If you’re looking for footwear, we’ve got in-depth buyer’s guides on the best cycling shoes, best mountain bike shoes and best gravel shoes, as rated and reviewed by BikeRadar.

What’s the difference between SPD and SPD-SL?

SPD stands for Shimano Pedalling Dynamics, with the SL standing for SuperLight.

That gives a clue as to the intended use of the systems.

SPD has become more-or-less a synonym for mountain bike pedals (and, more recently, pedals for gravel riding), while SPD-SL is mainly used for road cycling – that’s where the reduced weight comes in. But there are good reasons why you might choose to use SPD pedals on a drop-bar bike.

We’ll come on to the specific differences, and advantages and disadvantages, of the two systems.

SPD pedals use small metal cleats.
Stan Portus / Our Media

SPD cleats (the part of the system which fixes to the bottom of your shoe and ‘clips in’ to the pedal) are made of metal and are smaller than SPD-SL cleats.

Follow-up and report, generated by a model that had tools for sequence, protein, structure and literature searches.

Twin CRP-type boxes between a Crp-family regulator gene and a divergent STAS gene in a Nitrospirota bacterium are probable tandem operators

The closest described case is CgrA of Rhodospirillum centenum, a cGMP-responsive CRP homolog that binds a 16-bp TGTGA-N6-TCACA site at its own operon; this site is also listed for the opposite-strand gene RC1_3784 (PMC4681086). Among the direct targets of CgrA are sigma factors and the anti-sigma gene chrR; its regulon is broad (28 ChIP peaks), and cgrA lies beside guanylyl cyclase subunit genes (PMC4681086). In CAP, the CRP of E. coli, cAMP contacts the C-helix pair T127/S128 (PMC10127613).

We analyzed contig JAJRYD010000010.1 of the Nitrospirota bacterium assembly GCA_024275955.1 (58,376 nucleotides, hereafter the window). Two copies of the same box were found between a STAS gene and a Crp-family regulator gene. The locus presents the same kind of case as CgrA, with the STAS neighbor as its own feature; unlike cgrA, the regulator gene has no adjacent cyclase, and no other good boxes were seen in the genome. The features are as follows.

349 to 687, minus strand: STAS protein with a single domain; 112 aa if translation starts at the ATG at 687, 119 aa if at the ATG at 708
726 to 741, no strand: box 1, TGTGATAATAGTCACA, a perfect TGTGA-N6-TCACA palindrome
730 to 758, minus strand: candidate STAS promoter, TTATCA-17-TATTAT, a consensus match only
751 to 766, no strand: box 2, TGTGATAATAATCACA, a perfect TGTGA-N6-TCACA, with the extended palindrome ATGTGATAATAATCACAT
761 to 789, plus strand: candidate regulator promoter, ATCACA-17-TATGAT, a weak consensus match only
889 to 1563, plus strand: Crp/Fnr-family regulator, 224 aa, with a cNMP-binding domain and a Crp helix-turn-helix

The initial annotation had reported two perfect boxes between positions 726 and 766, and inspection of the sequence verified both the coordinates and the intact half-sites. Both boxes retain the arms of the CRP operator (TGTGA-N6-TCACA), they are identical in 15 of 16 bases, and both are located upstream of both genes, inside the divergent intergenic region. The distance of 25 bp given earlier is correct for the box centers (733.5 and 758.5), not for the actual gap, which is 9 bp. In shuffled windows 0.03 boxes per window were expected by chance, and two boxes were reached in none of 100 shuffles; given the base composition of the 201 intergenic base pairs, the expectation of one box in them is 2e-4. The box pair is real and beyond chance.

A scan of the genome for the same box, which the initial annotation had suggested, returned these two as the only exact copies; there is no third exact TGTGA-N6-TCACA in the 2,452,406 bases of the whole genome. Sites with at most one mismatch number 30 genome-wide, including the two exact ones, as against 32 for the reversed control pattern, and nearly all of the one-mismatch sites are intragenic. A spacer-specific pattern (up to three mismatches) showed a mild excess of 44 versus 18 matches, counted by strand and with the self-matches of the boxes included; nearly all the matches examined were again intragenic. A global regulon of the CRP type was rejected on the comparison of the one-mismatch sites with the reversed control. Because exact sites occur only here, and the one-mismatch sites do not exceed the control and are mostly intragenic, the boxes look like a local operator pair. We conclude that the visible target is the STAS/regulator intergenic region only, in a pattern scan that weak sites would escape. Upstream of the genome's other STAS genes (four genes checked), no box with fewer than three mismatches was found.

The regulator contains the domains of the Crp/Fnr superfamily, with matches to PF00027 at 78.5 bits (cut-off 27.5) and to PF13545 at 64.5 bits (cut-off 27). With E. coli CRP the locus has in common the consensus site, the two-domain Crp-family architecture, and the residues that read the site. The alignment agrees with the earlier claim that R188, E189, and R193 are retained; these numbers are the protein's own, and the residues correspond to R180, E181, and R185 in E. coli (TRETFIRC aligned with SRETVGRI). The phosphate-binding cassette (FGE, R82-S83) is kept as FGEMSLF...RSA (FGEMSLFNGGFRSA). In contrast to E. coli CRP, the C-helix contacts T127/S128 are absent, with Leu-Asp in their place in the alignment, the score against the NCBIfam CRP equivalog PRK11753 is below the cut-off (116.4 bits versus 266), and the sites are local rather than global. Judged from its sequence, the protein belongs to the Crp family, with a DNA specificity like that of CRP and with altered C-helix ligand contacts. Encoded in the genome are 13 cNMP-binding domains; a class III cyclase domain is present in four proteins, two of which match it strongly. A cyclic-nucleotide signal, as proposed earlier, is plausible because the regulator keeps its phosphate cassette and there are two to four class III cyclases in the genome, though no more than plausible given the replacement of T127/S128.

SPD cleats use two bolts to fix to the shoe, so they’re often called ‘two-bolt cleats’.

Shimano SPD-SL cleats are made of plastic and are much larger than SPD cleats.
Stan Portus / Our Media

SPD-SL cleats have three points of attachment to the shoe, so they are also called ‘three-bolt cleats’. They are made of plastic, to keep their weight down.

The design differences have other consequences – read on.

A bit of history

Look developed the first clipless pedal system. The brand started out with ski bindings.
Pierre Vauthey/Sygma/Sygma via Getty Images

French brand Look first developed a clipless pedal system, used from 1984 by five-time Tour de France winner Bernard Hinault. With patents on its design, Look initially held a monopoly on road bike clipless pedals – it’s still the main rival to Shimano in this space today.